Politics & Policy

Losing with ACES

The hot debate about climate change has now found expression in an actual piece of legislation, the American Clean Energy and Security Act of 2009 (ACES). If a vote on the bill occurs, what Congress will in fact be weighing is the implementation of carbon rationing in the United States. The evidence is clear that the regulatory regime under consideration would be contrary to the public interest. Good economic sense should trump ACES.

The bill represents a terrible deal for American taxpayers. According to the Environmental Protection Agency, ACES is projected to impose costs averaging about $1,100 each year on every American household by 2050. What do we get in return? Even if the law works precisely as intended — not very likely — the grand result will be that, a century from now, we should expect surface temperatures to be a about one-tenth of one degree Celsius lower than they otherwise would be. Of course global warming will impose costs, but the expected costs of ACES are at least ten times the program’s expected benefits, even using the EPA’s cost estimates and assuming the full achievement of its goals.

Our green friends concede that ACES may be a terrible deal by itself, but insist that the United States should lead the world by example — and thereby achieve wider benefits. These hopes are vaporous: The strategy of unilaterally giving away our best negotiating leverage (reducing our emissions only if other nations reduce theirs) in the hope that those nice men who rule China will be shamed into sacrificing their own economic interest — if only we jump off the cliff first — is naïve. More fundamental, the global deal that we would theoretically be chasing isn’t all that attractive, even if we assume every climate-change prediction by the UN IPCC to be correct.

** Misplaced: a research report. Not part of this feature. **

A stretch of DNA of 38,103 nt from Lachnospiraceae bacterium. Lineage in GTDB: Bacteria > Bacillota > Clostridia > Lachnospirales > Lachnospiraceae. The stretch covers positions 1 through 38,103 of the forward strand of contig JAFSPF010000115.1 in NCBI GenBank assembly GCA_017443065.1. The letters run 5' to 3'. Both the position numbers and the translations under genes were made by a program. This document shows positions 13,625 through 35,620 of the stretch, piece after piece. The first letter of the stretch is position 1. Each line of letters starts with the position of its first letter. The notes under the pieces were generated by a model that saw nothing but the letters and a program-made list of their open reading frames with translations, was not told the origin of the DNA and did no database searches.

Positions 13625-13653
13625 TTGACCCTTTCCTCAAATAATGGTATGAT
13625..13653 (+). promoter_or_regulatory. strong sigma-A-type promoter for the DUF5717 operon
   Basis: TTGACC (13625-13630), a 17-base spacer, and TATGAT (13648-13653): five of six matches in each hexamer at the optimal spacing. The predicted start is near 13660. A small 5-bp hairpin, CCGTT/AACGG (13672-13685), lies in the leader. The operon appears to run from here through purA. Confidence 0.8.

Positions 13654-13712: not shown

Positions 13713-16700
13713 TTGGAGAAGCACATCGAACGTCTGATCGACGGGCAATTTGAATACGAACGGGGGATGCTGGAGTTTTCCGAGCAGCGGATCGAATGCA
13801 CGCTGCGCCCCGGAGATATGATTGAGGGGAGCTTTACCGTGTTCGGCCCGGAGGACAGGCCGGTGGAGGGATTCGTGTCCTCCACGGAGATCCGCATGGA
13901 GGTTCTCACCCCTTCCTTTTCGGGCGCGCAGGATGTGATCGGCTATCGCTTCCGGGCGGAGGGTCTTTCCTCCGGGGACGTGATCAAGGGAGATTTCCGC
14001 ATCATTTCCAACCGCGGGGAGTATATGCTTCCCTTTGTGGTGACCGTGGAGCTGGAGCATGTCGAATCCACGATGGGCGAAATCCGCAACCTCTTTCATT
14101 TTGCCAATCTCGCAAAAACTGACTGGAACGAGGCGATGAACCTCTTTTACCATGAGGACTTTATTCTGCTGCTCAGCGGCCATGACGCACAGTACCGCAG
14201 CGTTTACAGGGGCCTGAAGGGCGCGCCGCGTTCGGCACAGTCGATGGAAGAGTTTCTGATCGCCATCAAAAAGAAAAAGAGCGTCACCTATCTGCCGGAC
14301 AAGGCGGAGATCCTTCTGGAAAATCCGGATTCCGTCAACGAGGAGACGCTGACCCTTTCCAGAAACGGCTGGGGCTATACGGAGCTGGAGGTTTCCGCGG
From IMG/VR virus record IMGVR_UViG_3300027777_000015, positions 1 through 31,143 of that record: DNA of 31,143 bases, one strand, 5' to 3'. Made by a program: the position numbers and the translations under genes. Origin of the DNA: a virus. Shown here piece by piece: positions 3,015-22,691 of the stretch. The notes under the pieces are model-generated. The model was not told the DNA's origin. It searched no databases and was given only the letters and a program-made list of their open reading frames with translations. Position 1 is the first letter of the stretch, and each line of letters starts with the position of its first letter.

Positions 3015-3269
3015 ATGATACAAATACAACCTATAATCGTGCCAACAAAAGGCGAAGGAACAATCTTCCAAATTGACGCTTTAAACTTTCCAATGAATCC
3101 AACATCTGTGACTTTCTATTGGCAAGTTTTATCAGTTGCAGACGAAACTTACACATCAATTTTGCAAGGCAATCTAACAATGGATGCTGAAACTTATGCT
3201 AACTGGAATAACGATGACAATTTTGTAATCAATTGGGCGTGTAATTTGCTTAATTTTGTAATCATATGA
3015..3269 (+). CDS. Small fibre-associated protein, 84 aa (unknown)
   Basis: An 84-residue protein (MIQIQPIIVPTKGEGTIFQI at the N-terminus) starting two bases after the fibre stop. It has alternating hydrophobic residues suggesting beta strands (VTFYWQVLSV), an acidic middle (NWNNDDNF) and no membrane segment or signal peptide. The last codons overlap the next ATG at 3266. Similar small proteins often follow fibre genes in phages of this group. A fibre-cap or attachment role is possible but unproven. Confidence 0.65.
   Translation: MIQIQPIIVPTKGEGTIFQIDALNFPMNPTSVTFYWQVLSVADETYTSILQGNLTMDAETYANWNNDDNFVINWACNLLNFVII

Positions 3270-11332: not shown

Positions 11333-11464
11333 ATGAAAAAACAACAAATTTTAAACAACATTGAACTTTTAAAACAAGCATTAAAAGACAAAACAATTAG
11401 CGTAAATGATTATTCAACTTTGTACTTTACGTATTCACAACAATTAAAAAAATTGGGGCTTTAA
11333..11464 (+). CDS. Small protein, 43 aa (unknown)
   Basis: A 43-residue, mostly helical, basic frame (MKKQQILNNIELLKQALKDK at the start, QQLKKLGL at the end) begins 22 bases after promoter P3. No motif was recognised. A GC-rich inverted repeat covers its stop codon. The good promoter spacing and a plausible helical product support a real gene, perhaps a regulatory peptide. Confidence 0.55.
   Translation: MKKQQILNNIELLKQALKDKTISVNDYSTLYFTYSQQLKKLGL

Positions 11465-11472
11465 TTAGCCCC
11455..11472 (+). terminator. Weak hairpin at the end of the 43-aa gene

The original sales pitch advertised that cap-and-trade permits would generate $80 billion annually in new government revenue. But that’s not going to happen: So many shameless sops have been given away to special interests in order to try to wrangle the votes needed to pass ACES that the CBO now estimates the bill would net just over $2 billion per year in new revenue — call it about one one-thousandth of this year’s budget deficit. Not exactly the wide-open spigot of cash early proponents promised.

A further effect of all of these side deals (which are entirely predictable and unavoidable in a democracy) is that ACES is in fact unlikely to achieve even the limited benefits that are claimed for it. The details of the bill as actually written ensure that there will not be a hard cap on emissions for at least the first decade under ACES. And the normal interest-group pressures of a democracy aren’t going to magically disappear in ten years, so the odds are excellent that ACES will never impose a real cap.

So here are the cards Democrats want to deal us: ACES would impose costs at least ten times as large as its benefits, would not reduce the deficit, and would not really cap emissions. It’s a losing hand.

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